Sunday, October 17, 2010

Domestic violence linked to child abuse|Child abuse lawyer|Shaken Baby Syndrome Survivor Lawyer

Domestic violence (DV), which is also known as Intimate Partner Violence (IPV) or Intimate Partner Aggression or Violence (IPAV), creates an increased risk of corporal punishment of children, which is known to create an increased risk of physical child abuse. According to a recently published study, "Use of Spanking for 3-year-old Children and Associated Intimate Partner Aggression or Violence" by Catherine Taylor, Ph.D., Shawna Lee, Ph.D., Neil Guterman, Ph.D. and Janet Rice, Ph.D., published in Pediatrics, Vol. 126, Number 3, a significant finding in their study was that adult VICTIMS of domestic violence (DV)/ Intimate Partner Violence (IPV)/Intimate Partner Aggression and Violence (IPAV) have an increased probability of using corporal punishment with their children. This is an important finding for those investigating child abuse cases when trying to determine the likely perpetrator of child abuse. It has already been established in published literature that there is an increased likelihood that a person who uses corporal punishment on a child would also abuse a child. Therefore, in homes where domestic violence is present, we now have published literature demonstrating a causal link between domestic violence and child abuse, via the connecting link of corporal punishment. Domestic leads to increased risk of corporal punishment, which leads to increased risk of child abuse.

The authors explain that there is statistically significant evidence that a victim of domestic violence is likely to inflict abuse on a child. Why? They offer two (2) explanations: Coercive Family Process (known as Patterson's theory) and Social Cognitive learning (Bandura's theory). The coercive family process is explained by the authors as an escalation of violence which occurs due to positive reinforcement after aggressive events. The social cognitive explanation is based on the normalization of observed behavior. Meaning, more specifically, that adult victims of domestic violence learn that violence is "normal" in her environment, and is part of what the authors describe as an "intrafamilial cycle of aggression" The authors demonstrate and highlight that an adult victim of domestic violence has increased odds of using corpoporal punishment.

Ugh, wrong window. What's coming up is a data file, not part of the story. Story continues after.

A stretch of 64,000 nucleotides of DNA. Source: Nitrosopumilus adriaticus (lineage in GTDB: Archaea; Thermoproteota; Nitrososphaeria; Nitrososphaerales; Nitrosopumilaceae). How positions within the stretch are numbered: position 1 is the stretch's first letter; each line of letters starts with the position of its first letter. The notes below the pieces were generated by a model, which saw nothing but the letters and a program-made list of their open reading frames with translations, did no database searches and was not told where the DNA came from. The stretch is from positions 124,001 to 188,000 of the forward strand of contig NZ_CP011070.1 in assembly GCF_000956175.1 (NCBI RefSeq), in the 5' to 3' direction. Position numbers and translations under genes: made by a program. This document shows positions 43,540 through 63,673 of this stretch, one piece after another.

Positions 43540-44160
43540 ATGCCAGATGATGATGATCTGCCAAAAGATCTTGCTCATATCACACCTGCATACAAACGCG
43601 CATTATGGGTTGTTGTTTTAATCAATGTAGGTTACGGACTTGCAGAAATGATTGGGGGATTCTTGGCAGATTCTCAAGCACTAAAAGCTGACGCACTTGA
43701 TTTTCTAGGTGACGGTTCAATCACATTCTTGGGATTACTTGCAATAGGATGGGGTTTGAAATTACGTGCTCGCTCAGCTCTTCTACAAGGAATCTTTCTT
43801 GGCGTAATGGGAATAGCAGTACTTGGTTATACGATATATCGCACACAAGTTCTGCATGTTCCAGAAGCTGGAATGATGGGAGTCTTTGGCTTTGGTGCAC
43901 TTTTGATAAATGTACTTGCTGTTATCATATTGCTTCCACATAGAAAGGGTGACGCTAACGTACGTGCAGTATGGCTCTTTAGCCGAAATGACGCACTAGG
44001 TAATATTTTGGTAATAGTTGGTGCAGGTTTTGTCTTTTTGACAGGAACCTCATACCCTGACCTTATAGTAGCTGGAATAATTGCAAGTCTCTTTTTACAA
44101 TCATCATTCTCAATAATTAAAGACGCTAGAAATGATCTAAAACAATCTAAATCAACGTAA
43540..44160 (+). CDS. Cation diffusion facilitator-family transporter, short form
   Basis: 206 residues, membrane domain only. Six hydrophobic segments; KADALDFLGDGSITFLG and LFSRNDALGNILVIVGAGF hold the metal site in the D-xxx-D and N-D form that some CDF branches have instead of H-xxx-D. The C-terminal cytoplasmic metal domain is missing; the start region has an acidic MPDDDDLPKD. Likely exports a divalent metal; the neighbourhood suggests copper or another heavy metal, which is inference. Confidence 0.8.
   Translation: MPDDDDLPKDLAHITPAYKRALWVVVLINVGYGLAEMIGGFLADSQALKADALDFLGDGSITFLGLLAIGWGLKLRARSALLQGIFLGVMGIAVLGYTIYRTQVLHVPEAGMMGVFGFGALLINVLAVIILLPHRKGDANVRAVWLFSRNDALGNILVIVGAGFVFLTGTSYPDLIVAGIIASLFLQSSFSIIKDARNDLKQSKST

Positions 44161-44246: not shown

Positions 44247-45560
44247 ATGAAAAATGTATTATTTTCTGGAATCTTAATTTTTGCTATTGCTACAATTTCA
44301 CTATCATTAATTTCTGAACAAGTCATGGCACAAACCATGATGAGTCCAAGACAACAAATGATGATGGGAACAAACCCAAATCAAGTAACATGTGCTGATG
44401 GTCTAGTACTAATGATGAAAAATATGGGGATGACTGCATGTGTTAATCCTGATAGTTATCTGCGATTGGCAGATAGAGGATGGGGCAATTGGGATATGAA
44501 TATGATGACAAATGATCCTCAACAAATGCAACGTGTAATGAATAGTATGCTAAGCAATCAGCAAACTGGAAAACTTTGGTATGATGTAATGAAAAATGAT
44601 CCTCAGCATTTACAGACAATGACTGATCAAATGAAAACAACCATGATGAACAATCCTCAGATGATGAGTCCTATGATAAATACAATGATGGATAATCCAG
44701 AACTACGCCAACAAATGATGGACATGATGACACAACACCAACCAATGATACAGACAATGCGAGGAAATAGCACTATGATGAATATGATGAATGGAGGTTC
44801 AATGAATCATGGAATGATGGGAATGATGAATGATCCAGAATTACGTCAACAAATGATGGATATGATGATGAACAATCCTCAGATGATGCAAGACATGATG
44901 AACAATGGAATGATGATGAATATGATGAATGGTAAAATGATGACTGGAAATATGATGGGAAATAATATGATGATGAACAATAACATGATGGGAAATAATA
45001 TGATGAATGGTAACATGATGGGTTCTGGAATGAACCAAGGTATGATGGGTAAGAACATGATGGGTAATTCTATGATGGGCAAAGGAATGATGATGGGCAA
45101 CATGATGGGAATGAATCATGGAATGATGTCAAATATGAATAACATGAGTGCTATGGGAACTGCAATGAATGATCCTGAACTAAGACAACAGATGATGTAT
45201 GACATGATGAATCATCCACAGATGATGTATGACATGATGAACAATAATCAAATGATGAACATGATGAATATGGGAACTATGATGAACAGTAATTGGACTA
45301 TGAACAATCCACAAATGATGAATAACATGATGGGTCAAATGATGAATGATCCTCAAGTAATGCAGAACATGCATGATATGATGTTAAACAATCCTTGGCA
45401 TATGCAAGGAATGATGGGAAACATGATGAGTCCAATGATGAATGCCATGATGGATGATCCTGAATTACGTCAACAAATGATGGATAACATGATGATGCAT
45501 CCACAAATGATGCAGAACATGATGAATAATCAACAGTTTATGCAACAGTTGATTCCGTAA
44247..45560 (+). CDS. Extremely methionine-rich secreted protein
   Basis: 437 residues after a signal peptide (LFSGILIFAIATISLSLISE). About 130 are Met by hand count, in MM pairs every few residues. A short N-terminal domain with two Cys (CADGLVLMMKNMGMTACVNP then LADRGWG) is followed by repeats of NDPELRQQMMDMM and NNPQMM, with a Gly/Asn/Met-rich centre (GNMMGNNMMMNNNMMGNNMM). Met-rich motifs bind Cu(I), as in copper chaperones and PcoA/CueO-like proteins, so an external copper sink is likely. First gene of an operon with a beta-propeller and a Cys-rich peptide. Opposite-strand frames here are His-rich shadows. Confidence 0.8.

While it would be easy to see, from a lay person's perspective, how the aggressor in an abusive adult relationship might be suspected to be the most likely person to inflict physical abuse on a child, this study confirms that is NOT necessarily the case.

In my opinion, if you are investigating a case where a child has been shaken or suffered abusive head trauma, it is critically important to determine whether there is domestic violence in the home or homes where the child has been left alone with adults. While most child abuse occurs when children are alone with the perpetrators, and children are too young to testify about what occurred to them - domestic violence is more likely to be witnessed and, by definition, there will be an adult victim who can testify that it occurred. Along with the medical evidence as to the likely time an injury was inflicted, and the importance of history related to the presentation of the abused child at the time medical care was begun, the presence of domestic violence is one more important piece of evidence which can and should be used to determine the likelihood of someone being a perpetrator of child abuse.

If you know a child who has been abused, and has suffered SBS or AHT, and you would like assistance on determining whether there is anything that can be done to help you help the child, feel free to contact the Keane Law Firm at no cost by toll-free phone (888-592-KIDS (5437), or through the internet. We will tell you if we can assist you in helping your child - either in a child abuse lawsuit, or shaken baby syndrome lawsuit, or head trauma lawsuit. This may help you obtain money which will help survivors of child abuse, survivors of shaken baby syndrome or abusive head trauma with home health care, a van or a home in which they can move a wheelchair easily.

No comments:

Post a Comment